Interstate Passport Briefing

Oral Communication: A Foundation of General Education

Kim Weismann Headshot
Kim Weismann, Williston State College

Dr. Kim Weismann is a Professor of Communication and the Arts and Human Sciences Department Chair at Williston State College in Williston, North Dakota. She earned her Associate of Arts and Bachelor of Arts in Communication from Dickinson State University, her Master of Arts in Speech Communication from North Dakota State University, and her Doctorate of Education in Curriculum and Instruction from the University of South Dakota. Dr. Weismann is also a member of the Interstate Passport Oral Communication Faculty Committee, which is responsible for developing the learning outcomes and proficiency criteria for this foundation skill area.

This is her 15th year of teaching in higher education. Weismann has taught a variety of courses during that time including, but not limited to, Fundamentals of Public Speaking, Interpersonal Communication, Intercultural Communication, Oral Interpretation, Organizational Communication, Persuasion, Argumentation, Cultural Diversity, Social Problems, College Strategies and College Transition. Her doctoral dissertation, “Evaluating the perceived challenges in offering public speaking courses online” was published this year (Publication No. 27667256, ProQuest Dissertations Publishing).  Dr. Weismann currently resides in Williston with her husband, Tony Freed, and their rescue animals.

Oral Communication: A Foundation of General Education

I am a full-time professor of Communication at a small community college in northwestern North Dakota. In my 15 years of teaching in higher education I have taught a variety of courses as well as at different types of institutions, including a research university, a four-year regional teaching university, and currently a community college. During this time, unsurprisingly, I have seen a number of changes. Some practices, however, have remained consistent, one in particular: communication courses count as general education courses within the institutions where I have taught. More importantly, communication course outcomes connect to the workforce and employment. They help students learn ethics, critical thinking, listening, and critical evaluation – skills that employers want.

In a traditional public speaking class, students learn lifelong skills:

  • Writing and organizational skills when writing speeches
  • Analytical skills when researching assignments and assessing peers’ presentations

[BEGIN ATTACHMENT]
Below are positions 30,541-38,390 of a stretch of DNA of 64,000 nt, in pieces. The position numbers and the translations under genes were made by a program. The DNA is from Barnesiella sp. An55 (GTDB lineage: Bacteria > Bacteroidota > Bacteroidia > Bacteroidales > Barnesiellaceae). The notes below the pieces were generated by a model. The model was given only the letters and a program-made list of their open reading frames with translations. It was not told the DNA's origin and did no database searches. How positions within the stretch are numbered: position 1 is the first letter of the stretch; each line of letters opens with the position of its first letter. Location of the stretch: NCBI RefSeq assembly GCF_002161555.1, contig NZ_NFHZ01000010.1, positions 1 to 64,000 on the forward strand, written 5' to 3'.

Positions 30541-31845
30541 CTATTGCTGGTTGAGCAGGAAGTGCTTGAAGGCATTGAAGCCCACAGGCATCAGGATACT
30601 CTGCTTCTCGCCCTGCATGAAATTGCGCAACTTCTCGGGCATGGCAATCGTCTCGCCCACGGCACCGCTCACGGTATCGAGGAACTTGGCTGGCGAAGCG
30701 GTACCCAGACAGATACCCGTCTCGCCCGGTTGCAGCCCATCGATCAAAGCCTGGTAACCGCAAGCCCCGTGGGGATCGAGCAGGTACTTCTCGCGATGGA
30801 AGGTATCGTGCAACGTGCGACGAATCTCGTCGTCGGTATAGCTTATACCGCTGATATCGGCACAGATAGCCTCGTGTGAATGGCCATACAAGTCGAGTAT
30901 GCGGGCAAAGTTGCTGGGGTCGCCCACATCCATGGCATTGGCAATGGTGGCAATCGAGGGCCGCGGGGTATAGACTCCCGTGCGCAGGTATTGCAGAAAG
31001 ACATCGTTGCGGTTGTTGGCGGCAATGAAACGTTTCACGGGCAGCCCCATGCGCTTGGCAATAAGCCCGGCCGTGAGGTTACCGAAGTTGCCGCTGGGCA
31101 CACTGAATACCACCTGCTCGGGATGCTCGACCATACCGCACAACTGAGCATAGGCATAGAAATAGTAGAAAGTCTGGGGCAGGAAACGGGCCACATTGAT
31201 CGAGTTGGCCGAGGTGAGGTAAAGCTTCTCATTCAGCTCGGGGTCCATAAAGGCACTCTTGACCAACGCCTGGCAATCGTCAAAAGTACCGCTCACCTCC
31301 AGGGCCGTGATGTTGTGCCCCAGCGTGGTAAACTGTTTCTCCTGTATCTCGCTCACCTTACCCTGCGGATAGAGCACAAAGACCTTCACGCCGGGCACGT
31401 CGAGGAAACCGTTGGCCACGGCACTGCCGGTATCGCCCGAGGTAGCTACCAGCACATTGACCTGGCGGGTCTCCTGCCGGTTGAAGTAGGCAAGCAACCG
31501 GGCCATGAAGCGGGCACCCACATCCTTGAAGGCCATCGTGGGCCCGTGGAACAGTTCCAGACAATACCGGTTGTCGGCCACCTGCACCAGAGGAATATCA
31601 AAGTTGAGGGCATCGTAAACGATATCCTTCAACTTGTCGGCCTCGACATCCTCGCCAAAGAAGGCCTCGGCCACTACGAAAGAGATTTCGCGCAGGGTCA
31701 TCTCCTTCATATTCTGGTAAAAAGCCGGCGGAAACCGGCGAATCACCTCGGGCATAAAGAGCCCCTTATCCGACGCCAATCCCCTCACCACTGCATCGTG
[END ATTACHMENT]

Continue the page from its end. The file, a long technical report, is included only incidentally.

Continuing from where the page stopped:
• Collaborative skills when working with their peers – considered vital in today’s workplace
  • Listening skills when listening to their peers’ presentations.

Many institutions offer a course in interpersonal communication in which students typically work on communicating with other people in various settings including, but not limited to, the workplace, romantic relationships, friendships, and families. Students also learn about perception and intrapersonal communication. The focus is on collaboration, conflict management and listening skills.

At some institutions, interpersonal communication is the sole class students take for the communication competency. Thus, it is essential that students have a clear understanding of the concepts and skills necessary for effective communication – preparation, delivery, critical listening, and the ability to make adjustments. Students learn about these concepts and skills through a variety of ways such as role-playing and in-class discussions. Students also find examples of situations in popular culture and explain how the concepts apply to each scenario. Students may also share their personal experiences in small group discussions in class as well.

The Interstate Passport oral communication outcomes focus on ethics, critical thinking, organization, delivery skills, monitoring and adjusting with an audience, as well as listening and critically evaluating messages. All of the skills taught in a communication course are transferable to other areas of students’ lives, especially their careers.

Indeed, nearly every job has human interaction of some kind, so the ability to communicate effectively is critical. Employers are looking for candidates who have strong written and oral communication skills, very often labeled as “soft skills.” A 2019 article from the Forbes Coaches Council presents 15 such skills needed to succeed in the workforce, including communication: “speaking thoughtfully and intelligently, listening intently, and being a team player with leadership potential.”

The website, which provides services to job seekers as well as employers, cites communication skills as one of the top five attributes that employers are looking for in potential employees.

Communication studies is a discipline that imparts to students not only new concepts but also skills that will be valuable throughout their lives. The learning outcomes for these courses have remained consistent over time and likely will continue to do so because of the importance of good communication skills in all facets of life.

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